1.1 Background to the Problem
The Nigerian society and indeed African societies in general highly value children. This is because of the intrinsic and emotional satisfaction children offer their parents as well as the instrumental role they play in lineage and kinship matters. Moreover, God sees the need of sending children to parent for the purpose of multiplication, joy and happiness in the home. The birth of a child is thus celebrated in the society, in many circumstances, with joy, songs and dance Kisekka (2001) assets that the Nigerian in the first one year of life is certainly a centre of attention. He is often carried on the back, curded, bathed and talked to by an array of old relations. The child, therefore, rarely eats plays as sleeps alone.
Okwara (2005) notes that child is a valuable gift from God and every ethnic group in Nigerian puts high value on children. In spite of this, it is unfortunate that some children have been exposed to abuse and neglect. Okolo (1996) reports that in several Nigerian communities, children are rejected and sometimes sent to the streets to tend for themselves and learn how to survive on their own. Bidemi and Adefuye (2007) are of the view that it has always been their customary for children to help their parents work. Children of trader would assist their parents to sell their goods; those of farmer would help them on the farm. Today, the situation has changed drastically as adult supervision of the children has reduced in several cases.
The child is now sent into the streets and highways alone. Sometimes to the market to sell goods, he is battered, under-nourished, poorly clothed and often abuse takes forms which include: beating with the hand, beating with available instruments, kicking and knocking on hard objects strangling of suffocating, stabbing on slashing drowning, burning, poisoning, deliberate neglect, exposure, hawking, lock in, starvation and education deprivation. All these practices expose the child to injuries and emotional tensions that do not allow for their effective growth and development.
Fontona (1996) states that in America alone, between 50,000 and 70,000 incidents of child abuse and neglect occur yearly. De Francis (1996) also reports that in London. 10,000 children are severally battered, 5,000 to 7,500 sexually abused, 1,000 neglected every year. Gesinde (2007) notes that accurate statistics on child abuse in Nigeria are currently unavailable. However, its existence has been reported by Ifeyinwa (2002), Dunapo (2000) and Bukoye (2000). Thus, in Nigeria the prevalence of child abuse appears higher than it does in the United States of America. Britain is reported by Wisdom (2007) as having the lowest figures of child abuse and neglect among the first world nations.
Child abuse is defined in various ways by various people. The royal collage of Psychiatrists (2004) asserts that child abuse is a term when an adult harms a child or young person under the age of 18. Wisdom (2007) defines it as the physical, psychological on sexual maltreatment to a child’s physical moral or mental well-being. It also means physical abuses sexual abuse and neglect which many result in bruises, broken bones, permanent physical of developmental impairment, and emotional trauma or death. The African network for the prevention and projection against child abuse and neglect (ANPPCAN) (1986) defines abuse as the intended, unintended as well intended acts and the endanger the physical, emotional, moral and educational welfare of the child.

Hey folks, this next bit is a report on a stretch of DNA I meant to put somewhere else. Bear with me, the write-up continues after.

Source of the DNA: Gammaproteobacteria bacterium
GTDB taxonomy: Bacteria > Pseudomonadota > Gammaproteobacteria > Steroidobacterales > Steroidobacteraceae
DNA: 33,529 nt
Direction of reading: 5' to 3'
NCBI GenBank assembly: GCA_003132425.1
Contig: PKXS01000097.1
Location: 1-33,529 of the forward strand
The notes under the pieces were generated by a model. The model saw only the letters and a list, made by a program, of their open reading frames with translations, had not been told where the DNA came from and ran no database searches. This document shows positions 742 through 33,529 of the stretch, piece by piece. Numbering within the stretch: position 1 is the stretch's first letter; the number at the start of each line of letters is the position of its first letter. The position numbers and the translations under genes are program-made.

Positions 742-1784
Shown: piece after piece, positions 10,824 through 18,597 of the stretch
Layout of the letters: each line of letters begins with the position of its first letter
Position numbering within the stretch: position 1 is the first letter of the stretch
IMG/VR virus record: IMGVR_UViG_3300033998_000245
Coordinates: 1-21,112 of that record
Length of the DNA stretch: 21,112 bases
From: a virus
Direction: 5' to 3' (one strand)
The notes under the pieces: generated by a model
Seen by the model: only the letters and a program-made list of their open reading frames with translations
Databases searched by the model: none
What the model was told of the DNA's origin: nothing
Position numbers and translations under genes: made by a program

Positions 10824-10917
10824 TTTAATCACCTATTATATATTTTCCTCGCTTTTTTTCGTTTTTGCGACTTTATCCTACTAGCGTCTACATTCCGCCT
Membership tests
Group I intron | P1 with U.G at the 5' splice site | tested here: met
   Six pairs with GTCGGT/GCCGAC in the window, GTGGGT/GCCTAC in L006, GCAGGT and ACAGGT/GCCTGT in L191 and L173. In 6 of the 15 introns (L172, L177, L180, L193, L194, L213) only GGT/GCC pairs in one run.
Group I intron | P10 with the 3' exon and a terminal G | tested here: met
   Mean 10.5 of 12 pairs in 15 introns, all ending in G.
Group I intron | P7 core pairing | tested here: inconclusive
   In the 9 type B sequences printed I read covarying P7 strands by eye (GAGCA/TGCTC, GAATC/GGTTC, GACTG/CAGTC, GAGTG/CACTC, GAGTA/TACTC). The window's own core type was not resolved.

Chalk, Gibbons and Scarnpa (2002) are of view that when child abuse occurs with child neglects, they are collectively called child maltreatment.
Thus, the media, particularly the broadcast media, have been part of the campaign against child abuse. If that is so, it is probable that the electronic media in the state have also been part of the campaign and would probably have some kind of influence on the audiences especially the people of Itu. It is on this note that the study out to ascertain the influence of the broadcast media on the campaign against child abuse in Itu Local Government Area of Akwaibom State.
1.1.1 The History of Itu local Government Area
The name Itu is derived from the native name of a sea animal called “Manatee” this animal was known to migrate from the Atlantic Ocean, up the Cross river, to bask on the Sands of Itu.
Itu is located in the South-East of Nigeria and is one out of thirty-one Local Government Area of AkwaIbom State. The Local Government Area occupies a landmass of approximately 606.10 square kilometer. It is bounded in the north and north-East by Odukpani. In Cross River State and Arochukwu in Abia State in the west by IbionoIbom and Ikono Local Government Areas, in the South and South-East by Uyo and Urua Local Government Area respectively.
After many Local Government were carved out from Itu, the Local Government is left with five clans namely, Itam, Oku Iboku, Ayadehe, Itu and Mbiabo clans, the headquarters is are MbakAtai where the secretariat is located. Itu Local Government Area has 127,033 recipients according to 2006 national population commission. Itu is predominantly a rural environment, a reverie area, very fertile terrain for cultivation of enable crops like okro, pepper, and pumpkin etc. the economy is purely rural and petty trading and fishing is their way of life. The arrival of the church of Scotland missionaries was a prelude to the modern medicine and cure. The spread of the gospel was followed by the building of dispensaries, clinics and hospital of note were they establishment of leper colony for the treatment of lepers/leprosy; Mary Sesser hospital at ObotItu, clinic at IkotObong, UyoItametc and dispensary at Ikpa in ibionoIbom.
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